|US7575796 *||5 Jul 2006||18 Ago 2009||Seamless Attenuating Technologies, Inc. (Satech)||Impact absorbing safety matting system with elastomeric sub-surface structure|
|US7591605||28 Abr 2006||22 Sep 2009||Gnr Technologies Inc.||Modular traffic calming devices|
|US7634876||8 Dic 2006||22 Dic 2009||Moller Jr Jorgen J||Modular floor locator apparatus|
|US7690160 *||23 Jul 2004||6 Abr 2010||Moller Jr Jorgen J||Modular floor tile system with transition edge|
|US7849642||14 Dic 2010||Connor Sport Court International, Inc.||Tile with wide coupling configuration and method for the same|
|US7958681 *||14 Jun 2011||Moller Jr Jorgen J||Modular floor tile with nonslip insert system|
|US8099915||24 Ene 2012||Snapsports Company||Modular floor tile with resilient support members|
|US8166722||20 Nov 2009||1 May 2012||Snap Lock Industries, Inc.||Modular floor tile system with transition edge|
|US8241726 *||14 Ago 2012||Satech, Inc.||Impact absorbing safety matting system with elastomeric sub-surface structure|
|US8282311 *||9 Oct 2012||Inpress Technologies Inc.||Paving block formed of rubber crumb and a method of manufacturing the same|
|US8341896||23 Ene 2012||1 Ene 2013||Snapsports Company||Modular floor tile with resilient support members|
|US8387316 *||4 Mar 2008||5 Mar 2013||Jose Leon Garza||Assembly system for insulating floors|
|US8388261 *||8 Jun 2009||5 Mar 2013||Christopher Allen Lane||Road plate securing assembly|
|US8397466||19 Mar 2013||Connor Sport Court International, Llc||Tile with multiple-level surface|
|US8407951||2 Abr 2013||Connor Sport Court International, Llc||Modular synthetic floor tile configured for enhanced performance|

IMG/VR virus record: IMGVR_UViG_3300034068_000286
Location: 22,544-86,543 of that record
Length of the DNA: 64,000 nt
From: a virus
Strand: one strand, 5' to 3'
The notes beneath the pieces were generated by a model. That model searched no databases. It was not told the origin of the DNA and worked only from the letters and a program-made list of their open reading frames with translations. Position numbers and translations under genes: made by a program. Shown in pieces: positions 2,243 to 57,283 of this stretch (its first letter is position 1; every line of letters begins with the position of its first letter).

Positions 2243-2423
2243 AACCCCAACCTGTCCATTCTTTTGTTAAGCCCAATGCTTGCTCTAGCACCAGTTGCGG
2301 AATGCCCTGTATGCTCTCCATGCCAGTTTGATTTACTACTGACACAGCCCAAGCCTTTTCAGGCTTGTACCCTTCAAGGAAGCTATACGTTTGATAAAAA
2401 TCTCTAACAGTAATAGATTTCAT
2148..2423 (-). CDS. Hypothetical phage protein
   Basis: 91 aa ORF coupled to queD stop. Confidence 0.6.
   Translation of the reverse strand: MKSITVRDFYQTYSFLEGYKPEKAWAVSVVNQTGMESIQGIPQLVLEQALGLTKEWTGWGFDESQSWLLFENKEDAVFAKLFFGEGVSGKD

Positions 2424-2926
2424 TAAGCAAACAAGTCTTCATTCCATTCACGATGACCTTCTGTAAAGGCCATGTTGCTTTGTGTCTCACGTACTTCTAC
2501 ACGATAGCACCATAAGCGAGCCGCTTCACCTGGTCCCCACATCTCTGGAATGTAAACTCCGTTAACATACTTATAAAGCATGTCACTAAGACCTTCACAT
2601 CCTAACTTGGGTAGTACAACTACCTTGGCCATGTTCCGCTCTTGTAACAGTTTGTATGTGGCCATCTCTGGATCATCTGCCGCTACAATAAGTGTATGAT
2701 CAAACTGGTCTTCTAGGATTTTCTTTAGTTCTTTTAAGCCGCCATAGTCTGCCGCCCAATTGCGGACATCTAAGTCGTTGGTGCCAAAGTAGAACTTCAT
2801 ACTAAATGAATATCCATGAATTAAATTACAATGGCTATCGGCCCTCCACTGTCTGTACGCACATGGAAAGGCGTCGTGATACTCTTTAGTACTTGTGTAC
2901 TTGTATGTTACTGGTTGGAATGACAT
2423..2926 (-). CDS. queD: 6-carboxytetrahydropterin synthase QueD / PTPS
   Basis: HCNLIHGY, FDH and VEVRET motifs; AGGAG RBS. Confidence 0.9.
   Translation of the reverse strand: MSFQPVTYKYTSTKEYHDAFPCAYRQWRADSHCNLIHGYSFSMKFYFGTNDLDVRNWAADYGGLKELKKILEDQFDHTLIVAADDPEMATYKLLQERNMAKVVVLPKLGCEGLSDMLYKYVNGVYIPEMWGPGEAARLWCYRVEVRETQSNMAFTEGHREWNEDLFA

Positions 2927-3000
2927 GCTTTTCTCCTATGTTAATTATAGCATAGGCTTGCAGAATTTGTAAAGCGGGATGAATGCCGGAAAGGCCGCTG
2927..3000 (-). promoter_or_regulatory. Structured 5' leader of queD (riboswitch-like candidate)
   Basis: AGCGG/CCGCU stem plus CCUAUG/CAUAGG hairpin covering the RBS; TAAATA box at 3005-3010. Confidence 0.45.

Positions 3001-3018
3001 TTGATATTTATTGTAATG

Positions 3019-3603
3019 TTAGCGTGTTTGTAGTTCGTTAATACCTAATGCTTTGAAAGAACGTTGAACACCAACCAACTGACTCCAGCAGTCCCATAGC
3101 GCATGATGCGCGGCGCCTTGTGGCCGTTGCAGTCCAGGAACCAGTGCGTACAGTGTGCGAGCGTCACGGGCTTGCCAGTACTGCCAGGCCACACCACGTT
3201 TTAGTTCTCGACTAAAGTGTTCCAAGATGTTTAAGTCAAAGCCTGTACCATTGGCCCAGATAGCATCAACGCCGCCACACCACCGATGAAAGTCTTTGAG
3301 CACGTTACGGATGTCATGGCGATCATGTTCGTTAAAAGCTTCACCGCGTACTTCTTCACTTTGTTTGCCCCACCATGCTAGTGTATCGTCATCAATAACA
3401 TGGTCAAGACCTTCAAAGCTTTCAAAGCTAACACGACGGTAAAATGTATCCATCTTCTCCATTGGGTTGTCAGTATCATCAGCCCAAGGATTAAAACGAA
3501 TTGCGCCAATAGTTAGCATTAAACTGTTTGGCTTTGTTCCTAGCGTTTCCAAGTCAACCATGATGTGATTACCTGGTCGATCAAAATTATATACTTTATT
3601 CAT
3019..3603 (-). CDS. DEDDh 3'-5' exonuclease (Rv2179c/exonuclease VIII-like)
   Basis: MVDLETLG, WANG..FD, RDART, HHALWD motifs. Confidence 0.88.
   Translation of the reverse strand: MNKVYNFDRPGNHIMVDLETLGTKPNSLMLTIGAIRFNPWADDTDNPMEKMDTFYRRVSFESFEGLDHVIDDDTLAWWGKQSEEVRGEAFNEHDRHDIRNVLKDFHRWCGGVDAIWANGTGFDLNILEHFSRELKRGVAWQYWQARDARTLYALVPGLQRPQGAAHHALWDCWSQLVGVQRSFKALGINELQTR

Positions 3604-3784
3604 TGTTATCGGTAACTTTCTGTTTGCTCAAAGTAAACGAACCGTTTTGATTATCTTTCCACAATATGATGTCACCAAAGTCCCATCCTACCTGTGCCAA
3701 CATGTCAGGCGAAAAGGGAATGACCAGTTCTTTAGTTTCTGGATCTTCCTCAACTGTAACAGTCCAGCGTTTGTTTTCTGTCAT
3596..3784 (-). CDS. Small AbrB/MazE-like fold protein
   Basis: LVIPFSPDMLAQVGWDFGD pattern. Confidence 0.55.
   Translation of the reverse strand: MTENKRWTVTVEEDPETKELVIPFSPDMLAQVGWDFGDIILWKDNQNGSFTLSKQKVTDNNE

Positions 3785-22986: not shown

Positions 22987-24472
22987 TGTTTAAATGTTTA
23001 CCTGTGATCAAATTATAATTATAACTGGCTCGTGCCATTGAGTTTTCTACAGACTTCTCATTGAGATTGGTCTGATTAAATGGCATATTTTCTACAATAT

|US8528278 *||16 Ago 2012||10 Sep 2013||Metadome, Llc||Embedment tile with replaceable top plate|
|US8596023||27 May 2010||3 Dic 2013||Connor Sport Court International, Llc||Modular tile with controlled deflection|
|US8656662||12 Nov 2010||25 Feb 2014||Snapsports Company||Modular floor tile with resilient support members|
|US8662788||23 Abr 2012||4 Mar 2014||Metadome, Llc||Tactile embedment plate assembly with an alignment bracket|
|US8713863||4 Mar 2013||6 May 2014||Snapsports Company||Modular floor tile with resilient support members|
|US8726612||29 Abr 2008||20 May 2014||Steven G. Lomske||Modular panel|
|US8967904 *||5 Oct 2012||3 Mar 2015||Pioneer Detectable, LLC||Tactile plate assembly|
|US9051697 *||3 Mar 2014||9 Jun 2015||Metadome, Llc||Tactile embedment plate assembly with an alignment bracket|
|US9079347||17 Sep 2012||14 Jul 2015||Inpress Technologies Inc.||Paving block formed of rubber crumb and a method of manufacturing the same|
|US9080333||5 May 2014||14 Jul 2015||Snapsports Company||Modular floor tile with resilient support members|
|US9283488 *||14 Oct 2013||15 Mar 2016||M&M Sales Enterprises Inc.||Belt tire swing|
|US9315952||13 Jul 2015||19 Abr 2016||Inpress Technologies Inc.||Paving block formed of rubber crumb and a method of manufacturing the same|